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Re: [css3-multicol] Nested multicolumn elements rendering

From: Morten Stenshorne <mstensho@opera.com>
Date: Thu, 08 Aug 2013 11:54:58 +0200
To: www-style@gtalbot.org
Cc: "www-style mailing list" <www-style@w3.org>
Message-ID: <87bo58bj7x.fsf@aeneas.oslo.osa>
"GĂ©rard Talbot" <www-style@gtalbot.org> writes:

> Hello,
> http://www.gtalbot.org/BrowserBugsSection/CSS3Multi-Columns/Opera/multicol-height-block-child-001-GT.xht
> I'm trying to better understand nested multi-columns. Can anyone please
> explain to me what would be the expected layout of this test ? And give
> me some hints about the logic of such rendering.

See http://www.w3.org/TR/css3-multicol/#the-multi-column-model and what
it has to say about rows. You'll end up creating one row in the inner
multicol for each outer column (in your test, all the text actually fits
in the first outer column, but the inner multicol itself is taller, so
it takes up space in the second outer column as well; whether there is a
content-less row there or just no content is probably unknown and
irrelevant). The spec says "paginated" and "page" all the time, but it
should apply just as much to outer multicol containers, and even


<div style="columns:2; column-fill:auto; column-rule:thin solid; height:4em; line-height:1em;">
  <div style="columns:2;">

This should render like this:

aaa      eee    | iii      kkk
bbb      fff    | jjj      lll
ccc      ggg    |
ddd      hhh    |

> IE10 and Opera 12.16 render it identically: only the 3 trios of
> "m" are rendered. The 3 trios of "z" are unexpectedly clipped.
> Firefox 23 and Prince9
> http://www.gtalbot.org/BrowserBugsSection/CSS3Multi-Columns/Opera/multicol-height-block-child-001-GT.pdf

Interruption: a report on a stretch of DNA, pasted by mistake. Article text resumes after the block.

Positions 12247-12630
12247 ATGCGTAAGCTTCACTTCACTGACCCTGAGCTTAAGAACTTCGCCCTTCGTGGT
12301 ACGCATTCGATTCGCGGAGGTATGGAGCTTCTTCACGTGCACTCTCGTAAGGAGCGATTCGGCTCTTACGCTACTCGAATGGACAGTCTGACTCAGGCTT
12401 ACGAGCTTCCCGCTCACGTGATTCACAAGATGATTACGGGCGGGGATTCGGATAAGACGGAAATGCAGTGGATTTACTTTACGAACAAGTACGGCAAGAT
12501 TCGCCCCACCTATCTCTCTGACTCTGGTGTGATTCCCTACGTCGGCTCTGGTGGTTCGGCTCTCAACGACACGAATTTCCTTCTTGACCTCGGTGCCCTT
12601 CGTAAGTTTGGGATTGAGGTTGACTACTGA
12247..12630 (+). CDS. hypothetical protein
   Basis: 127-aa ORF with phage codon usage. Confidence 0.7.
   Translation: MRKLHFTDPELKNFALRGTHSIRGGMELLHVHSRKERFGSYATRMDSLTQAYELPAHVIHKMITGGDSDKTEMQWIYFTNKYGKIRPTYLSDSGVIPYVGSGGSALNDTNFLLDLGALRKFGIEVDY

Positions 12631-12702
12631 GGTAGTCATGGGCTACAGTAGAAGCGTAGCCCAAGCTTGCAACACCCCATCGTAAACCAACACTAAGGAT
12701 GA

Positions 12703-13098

> render it identically.
> Chrome 28.0.1500.95 renders the test differently from all 4 others.

To answer your comment in the file:

> <!-- why do we see only the 3 lines of mmm in Opera 12.16 and IE10 ? -->

Because the inner multicol is set to be exactly as wide as the outer
multicol. Since there are two columns, the right half of the inner
multicol will end up outside the outer column boxes' bounds. The last
three words will end up in a second inner column (still in the first
outer column), which will get clipped, since there are two outer
columns. There are two outer columns because the inner multicol has a
height of 8em, which there isn't room for in the first outer column,
since there's already some "aaa" content there.

So IE10 and Opera (Presto) do it right.

Gecko decides to move the entire inner multicol to a new outer
column. That seems unnecessary, although in this particular case it does
make more content visible. :) Oh, it actually appears that Gecko doesn't
allow/support fragmentation of multicol containers at all.

The WebKit/Blink implementation of nested multicol is basically missing
(I'm working on it), and what you see is really just the effect of NOT
supporting nested multicol.

> I've added vendor-prefixes and web-embedded Ahem font to make the test
> easier to check in different browsers.

Ah, an opportunity for my daily Ahem rant... :)

Ahem makes text unreadable! (well, duh)

Rather than using Ahem in the test, you could set line-height and only
use explicit line breaks, and not provide any automatic line break
opportunities (avoid white-space altogether, or set
white-space:nowrap). Then it would be easier see the "mmm"s and so
on. :)

---- Morten Stenshorne, developer, Opera Software ASA ----
------------------ http://www.opera.com/ -----------------
Received on Thursday, 8 August 2013 09:55:13 UTC

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